The wire bonding method described above greatly enhances the reliability of the second bonding which is the bonding between the lead 3 and the wire 5. Specifically, the thermal treatment provided by the pair of clamp-type heating members 8a, 8b causes the insulating resin coating of the wire 5 to be melted away or otherwise have a reduced wall thickness at each of the portions 5b, so that it is possible to prevent a reduction of the bonding strength which would otherwise result from the presence of the insulating resin coating.

Further, the thermal melting of the insulating resin coating occurs partially only at the specific portions 5b of the wire 5 without causing thermal melting of the wire metal. Thus, it is possible to retain the intended reinforcing and protecting function of the insulating resin coating.

In the illustrated embodiment, the first bonding for connecting the wire 5 to the semiconductor chip 1 is performed by using the ball (nail head) bonding technique wherein the lower end of the wire 5 is thermally melted for forming a ball 5a before bonding to the semiconductor chip 1. Obviously, since the insulating resin coating of the wire 5 is inevitably melted away at the time of forming the ball end 5a, the first bonding is inherently free from the problem of the insulating resin coating deteriorating the bonding strength.

On the other hand, if the first bonding is performed by using the so-called wedge bonding (see Japanese Patent Publication No. 56-30118 for example) wherein no ball is formed before bonding the metal wire 5 to the semiconductor chip 1, the insulating resin coating wire 5 should be thermally treated by the pair of heating members 8a, 8b in a manner such that the first bonding can be also performed at such a thermally treated portion of the wire 5.

The present invention being thus described, it is obvious that the same may be varied in many ways. For instance, the clamp-type heating members 8a, 8b may be replaced by another type of heating device. Further, the present invention is also applicable when electrically connecting between a printed circuit pattern and a semiconductor chip mounted on a circuit board. Such variations are not to be regarded as a departure from the spirit and scope of the the invention, and all such modifications as would be obvious to those skilled in the art are intended to be included within the scope of the following claims.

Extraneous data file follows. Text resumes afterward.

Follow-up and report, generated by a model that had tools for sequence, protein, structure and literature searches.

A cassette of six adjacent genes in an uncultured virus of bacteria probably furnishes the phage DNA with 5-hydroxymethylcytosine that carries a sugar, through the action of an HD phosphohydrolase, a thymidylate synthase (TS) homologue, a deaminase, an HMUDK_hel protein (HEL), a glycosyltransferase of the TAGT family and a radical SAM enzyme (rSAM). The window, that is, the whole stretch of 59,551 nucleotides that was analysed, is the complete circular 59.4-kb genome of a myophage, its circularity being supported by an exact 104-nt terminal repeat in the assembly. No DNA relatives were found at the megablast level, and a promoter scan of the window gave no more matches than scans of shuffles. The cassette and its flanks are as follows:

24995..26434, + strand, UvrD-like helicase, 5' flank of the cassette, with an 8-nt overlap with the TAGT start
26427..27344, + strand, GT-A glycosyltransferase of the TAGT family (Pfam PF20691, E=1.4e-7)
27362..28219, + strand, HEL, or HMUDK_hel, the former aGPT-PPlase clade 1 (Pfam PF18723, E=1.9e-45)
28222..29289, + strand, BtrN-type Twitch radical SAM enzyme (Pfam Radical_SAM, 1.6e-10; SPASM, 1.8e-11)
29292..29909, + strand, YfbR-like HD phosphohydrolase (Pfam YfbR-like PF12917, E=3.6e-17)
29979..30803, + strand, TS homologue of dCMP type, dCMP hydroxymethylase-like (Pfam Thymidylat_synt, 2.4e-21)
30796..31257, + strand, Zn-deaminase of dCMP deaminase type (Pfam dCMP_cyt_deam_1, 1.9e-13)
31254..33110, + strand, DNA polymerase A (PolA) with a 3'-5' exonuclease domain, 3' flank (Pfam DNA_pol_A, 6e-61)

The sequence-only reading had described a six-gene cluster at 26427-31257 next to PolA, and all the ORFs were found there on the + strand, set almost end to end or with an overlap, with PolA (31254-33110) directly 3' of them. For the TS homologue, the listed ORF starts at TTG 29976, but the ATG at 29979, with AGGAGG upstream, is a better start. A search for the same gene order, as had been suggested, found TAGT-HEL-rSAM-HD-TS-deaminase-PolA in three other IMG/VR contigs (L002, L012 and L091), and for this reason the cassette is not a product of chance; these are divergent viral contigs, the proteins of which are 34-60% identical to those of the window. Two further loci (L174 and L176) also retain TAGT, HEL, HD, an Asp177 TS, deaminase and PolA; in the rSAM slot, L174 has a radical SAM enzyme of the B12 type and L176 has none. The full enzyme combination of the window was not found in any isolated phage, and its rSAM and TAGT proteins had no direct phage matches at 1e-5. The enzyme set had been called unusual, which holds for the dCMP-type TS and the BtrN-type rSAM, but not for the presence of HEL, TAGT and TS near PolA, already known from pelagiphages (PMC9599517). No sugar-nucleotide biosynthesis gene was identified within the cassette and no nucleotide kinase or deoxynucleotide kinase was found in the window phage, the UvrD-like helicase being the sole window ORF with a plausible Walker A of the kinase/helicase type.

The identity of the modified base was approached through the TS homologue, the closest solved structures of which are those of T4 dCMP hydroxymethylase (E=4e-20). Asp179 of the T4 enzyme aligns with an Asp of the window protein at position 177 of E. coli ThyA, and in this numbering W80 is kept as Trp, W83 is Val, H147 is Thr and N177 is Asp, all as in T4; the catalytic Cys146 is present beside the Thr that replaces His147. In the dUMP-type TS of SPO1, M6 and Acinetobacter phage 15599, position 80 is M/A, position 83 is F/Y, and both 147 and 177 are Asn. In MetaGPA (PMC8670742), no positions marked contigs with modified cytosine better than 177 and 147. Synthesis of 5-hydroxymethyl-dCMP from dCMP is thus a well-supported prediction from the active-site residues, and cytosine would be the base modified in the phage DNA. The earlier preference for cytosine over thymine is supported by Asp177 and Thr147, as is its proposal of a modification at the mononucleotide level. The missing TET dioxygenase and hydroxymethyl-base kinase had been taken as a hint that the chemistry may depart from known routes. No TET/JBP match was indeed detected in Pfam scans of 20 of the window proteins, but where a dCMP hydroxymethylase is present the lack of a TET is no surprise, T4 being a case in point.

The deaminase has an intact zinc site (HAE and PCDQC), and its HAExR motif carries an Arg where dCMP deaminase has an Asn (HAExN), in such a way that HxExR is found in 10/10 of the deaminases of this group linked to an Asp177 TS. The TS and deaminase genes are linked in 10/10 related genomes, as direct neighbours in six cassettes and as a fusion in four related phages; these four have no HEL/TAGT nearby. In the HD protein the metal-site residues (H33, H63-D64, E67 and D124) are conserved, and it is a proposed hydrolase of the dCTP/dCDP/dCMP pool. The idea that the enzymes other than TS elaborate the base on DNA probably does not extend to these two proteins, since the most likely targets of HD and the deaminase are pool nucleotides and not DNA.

Patent Citations
Cited PatentFiling datePublication dateApplicantTitle
US4583676 *May 3, 1982Apr 22, 1986Motorola, Inc.Method of wire bonding a semiconductor die and apparatus therefor
US4998002 *Jan 26, 1988Mar 5, 1991Hitachi, Ltd.Wire-bonding method, wire-bonding apparatus, and semiconductor device produced by the wire-bonding method
JPH02213146A * Title not available
JPS5630118A * Title not available
JPS60158637A * Title not available
JPS62136836A * Title not available
Referenced by
Citing PatentFiling datePublication dateApplicantTitle
US5797388 *Nov 25, 1996Aug 25, 1998Kabushiki Kaisha ShinkawaWire-bonding apparatus and method using a covered wire
US5816480 *Nov 22, 1996Oct 6, 1998Kabushiki Kaisha ShinkawaMethod for cleaning a bonding tool used on covered bonding wires
US5859400 *Oct 29, 1996Jan 12, 1999Murata Manufacturing, Co., Ltd.Terminal frame used to manufacture electronic devices and manufacturing system of terminal frames
US5891796 *Dec 5, 1996Apr 6, 1999Kabushiki Kaisha ShinkawaMethod for wire-bonding a covered wire
US5897049 *Dec 5, 1996Apr 27, 1999Kabushiki Kaisha ShinkawaMethod for wire-bonding a covered wire
US6237833Jun 7, 1999May 29, 2001Rohm Co., Ltd.Method of checking wirebond condition
US6250539 *Sep 29, 1999Jun 26, 2001Kabushiki Kaisha ShinkawaWire bonding method
US6435399Mar 26, 2001Aug 20, 2002Rohm Co., Ltd.Method of checking wirebond condition
US6595405 *Feb 22, 2001Jul 22, 2003Fujikura, Ltd.Connection structure and method for connecting printed circuit and metal terminal, and reinforcing structure and method for reinforcing junction therebetween
US7078644 *Dec 1, 2003Jul 18, 2006Murata Manufacturing Co., Ltd.Resistance welding method, resistance welding apparatus, and method for manufacturing electronic component
Classifications
U.S. Classification228/180.5, 228/4.5, 219/56.22
International ClassificationH01L21/60, H01L21/603, B23K20/00
Cooperative ClassificationH01L24/85, H01L2924/01033, H01L2924/01079, H01L2924/01006, H01L2224/48091, H01L2224/48247, B23K20/005, H01L2924/01082, H01L2224/45144, H01L24/45, H01L2224/48465, H01L2224/45124, H01L2224/85009, H01L2224/85181, H01L2924/01013, H01L2924/01005, H01L2224/78301, H01L24/78
European ClassificationH01L24/85, H01L24/45, H01L24/78, B23K20/00D2B
Legal Events
DateCodeEventDescription
May 12, 2006FPAYFee payment
Year of fee payment: 12
May 16, 2002FPAYFee payment
Year of fee payment: 8
May 26, 1998FPAYFee payment
Year of fee payment: 4
Jul 20, 1993ASAssignment
Owner name: ROHM CO., LTD.
Free format text: ASSIGNMENT OF ASSIGNORS INTEREST;ASSIGNOR:OKUMURA, HIROSHI;REEL/FRAME:006625/0900
Effective date: 19930709